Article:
Today’s menu: chicken and rice bowl (“sweet and sour chicken” was the label it was given on the menu), broccoli, orange, breadstick
Wow, another new menu item. I was pretty excited about it, but I passed another teacher as I was walking with my food to my room as she was walking to the cafeteria. Peering at my tray she asked, “What are they serving today?” I replied, “Chicken and rice.” She took a look at my tray, “I’ll pass,” and turned around. I actually defended the meal, “It actually doesn’t look too bad to me…” And she said, “I’ll just stick with a snack today.”
That’s not the choice I would have made, but then again I’m boxed in by my decision to eat school lunch every day. But if it came down to not eating or eating, I would eat this lunch.
Hey, there was real chicken in the rice bowl! I admit to being stoked about that. You can see below I only avoided the orange (too hard to peel in the time I have — we’ve talked about how ideally they should be sliced up) and the breadstick. I don’t think the breadstick adds anything to this meal. In fact, it’s empty calories checking the “grain” box for the USDA’s school lunch requirements. There needs to be two grains in every lunch and rice counts as just one.
A teacher confided in me this week, “I don’t enjoy teaching like I used to.” I can’t imagine why not….the testing seems to be the biggest difference between teaching of old and teaching nowadays. Teaching is fun, testing is not. I believe in the value of a good pre- and post-test, but it’s getting a little out of hand. Teachers are testing in the hallways for days while subs teach the class. Teachers have student teachers teach so they can grade and do other special projects just to stay on top of things.
About 30% of teachers leave the profession after three years and 45% are out after five (citation). In that same article it is noted that most teachers cite lack of administrative support as the primary reason for leaving the profession (38%) followed by workplace conditions (32%). I’ll be the first to admit that I’m an educator to touch lives. If I’m not making a difference, then what’s the point?
One of the fun things about attending a blogger conference is the discussion about things only bloggers care about and which would bore any non-blogger. For example, one topic of conversation was comments. I found out at BlogHer Food that many people delete comments. I found that to be interesting since I actually rarely delete comments. I only delete if it’s spam or when some attacks me personally or uses an expletive. I think I have deleted about 5-10 comments since I started moderating in April.
I did delete a comment the other day though. The person wrote, “Please make love to me!” and then linked to a nasty website. I have to admit, that was funny!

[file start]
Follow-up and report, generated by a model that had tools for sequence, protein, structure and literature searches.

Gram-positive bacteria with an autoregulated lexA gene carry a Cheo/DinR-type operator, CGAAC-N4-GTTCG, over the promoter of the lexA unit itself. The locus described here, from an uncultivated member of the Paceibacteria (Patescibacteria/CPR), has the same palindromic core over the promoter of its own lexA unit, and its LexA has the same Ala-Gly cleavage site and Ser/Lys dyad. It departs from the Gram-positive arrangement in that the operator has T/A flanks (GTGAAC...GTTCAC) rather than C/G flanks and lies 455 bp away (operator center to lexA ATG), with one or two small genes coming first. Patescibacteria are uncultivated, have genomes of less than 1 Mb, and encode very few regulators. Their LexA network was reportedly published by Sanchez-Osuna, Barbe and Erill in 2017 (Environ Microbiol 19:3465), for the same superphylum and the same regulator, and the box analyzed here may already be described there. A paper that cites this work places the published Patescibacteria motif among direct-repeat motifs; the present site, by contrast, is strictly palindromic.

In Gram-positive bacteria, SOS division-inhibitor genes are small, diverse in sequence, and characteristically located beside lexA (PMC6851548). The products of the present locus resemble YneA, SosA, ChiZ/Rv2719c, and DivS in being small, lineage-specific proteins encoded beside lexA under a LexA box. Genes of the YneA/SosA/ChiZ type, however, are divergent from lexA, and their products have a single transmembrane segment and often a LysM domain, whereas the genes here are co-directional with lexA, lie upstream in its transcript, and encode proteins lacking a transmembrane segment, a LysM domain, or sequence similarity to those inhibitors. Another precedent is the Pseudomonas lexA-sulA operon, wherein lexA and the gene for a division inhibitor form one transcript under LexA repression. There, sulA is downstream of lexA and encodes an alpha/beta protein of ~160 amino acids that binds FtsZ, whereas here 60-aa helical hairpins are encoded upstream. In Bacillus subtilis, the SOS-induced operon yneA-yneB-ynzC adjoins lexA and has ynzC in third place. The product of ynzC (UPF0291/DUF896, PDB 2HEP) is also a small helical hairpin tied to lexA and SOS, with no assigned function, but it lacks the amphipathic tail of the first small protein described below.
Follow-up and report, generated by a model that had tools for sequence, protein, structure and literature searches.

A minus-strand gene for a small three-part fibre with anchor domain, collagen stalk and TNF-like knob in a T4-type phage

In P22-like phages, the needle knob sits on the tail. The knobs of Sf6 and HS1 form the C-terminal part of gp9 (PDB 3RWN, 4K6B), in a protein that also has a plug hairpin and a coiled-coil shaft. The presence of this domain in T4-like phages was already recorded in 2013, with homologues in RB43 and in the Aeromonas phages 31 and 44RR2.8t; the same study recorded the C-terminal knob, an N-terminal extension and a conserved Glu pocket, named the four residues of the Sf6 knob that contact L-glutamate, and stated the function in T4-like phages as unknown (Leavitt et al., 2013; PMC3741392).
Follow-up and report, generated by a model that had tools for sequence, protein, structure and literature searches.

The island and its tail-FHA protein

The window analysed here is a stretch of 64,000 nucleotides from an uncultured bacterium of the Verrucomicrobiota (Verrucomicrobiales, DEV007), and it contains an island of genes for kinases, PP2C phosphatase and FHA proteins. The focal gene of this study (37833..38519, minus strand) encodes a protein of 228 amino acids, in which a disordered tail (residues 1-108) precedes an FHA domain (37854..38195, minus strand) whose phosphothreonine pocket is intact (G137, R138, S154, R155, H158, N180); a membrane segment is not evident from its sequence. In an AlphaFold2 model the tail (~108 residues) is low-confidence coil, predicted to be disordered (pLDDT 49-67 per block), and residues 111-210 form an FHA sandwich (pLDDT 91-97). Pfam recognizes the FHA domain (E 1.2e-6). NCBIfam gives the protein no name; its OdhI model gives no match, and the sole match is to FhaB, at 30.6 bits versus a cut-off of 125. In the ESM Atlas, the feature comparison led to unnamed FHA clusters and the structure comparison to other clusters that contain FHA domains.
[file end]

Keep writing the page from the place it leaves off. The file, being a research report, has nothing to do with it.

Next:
1) Boldness – Have you ever attended a professional conference for work? That would be entirely different than attending a blog conference. If a conference is for professional development, you are there to learn and not network very much. It’s often a passive, learning experience. Going to a food blog conference is different: you need to mingle. In fact, those interactions outside of sessions are potentially more important that what’s happening inside the session. I picked all the talks on the “Values” track (food politics, urban farming, and canning), but by doing that I missed out on other discussions that might have been interesting. At the end I figured out that I needed to room hop a little and ducked out of the last session. From there I wandered into a PR room for free natural, fermented soda (unbelievable stuff!). I ended up chatting with a PR guy who was very interested in school lunch reform (who knew). Be bold (I wasn’t very bold, but I will be next time), talk to everyone, have a card. Even I had a card — hey, what can I say, I want more publicity the cause of school lunch reform and the blog too. Food bloggers are a perfect audience.
2) Cliques – I came into the conference feeling so nervous that at first I sought out a space where I could be left alone. I know, how social of me. I had trouble processing the whole experience and right away I could see how it could be quite lonely going to a conference like this. It seemed like there were definite cliques among certain bloggers. I can imagine that many people were trying to find a comfort zone. I can relate to wanting to be in a small group because I too didn’t want to cast a large net (I am anonymous after all). But I was thrilled to meet anyone who came up to me to chat. On the flipside, everyone who I approached was friendly and welcoming, but it seemed from a far that a few people did stick together quite a bit. If you want to enter another person’s group, refer to #1 above and be bold. It doesn’t hurt to introduce yourself if you’re feeling left out!
3) Be yourself – Don’t overdo it with a crazy personality. Most people are looking for authentic interactions with real people not a brand. Relax and let your true self shine through.
Any other questions I could answer about BlogHer Food? I’m only going to do one more post about BlogHer Food (the corporations who came and what I chatted about with them) so hang in there if these posts are completely boring and trite. Oh yeah, I’ll do a giveaway too!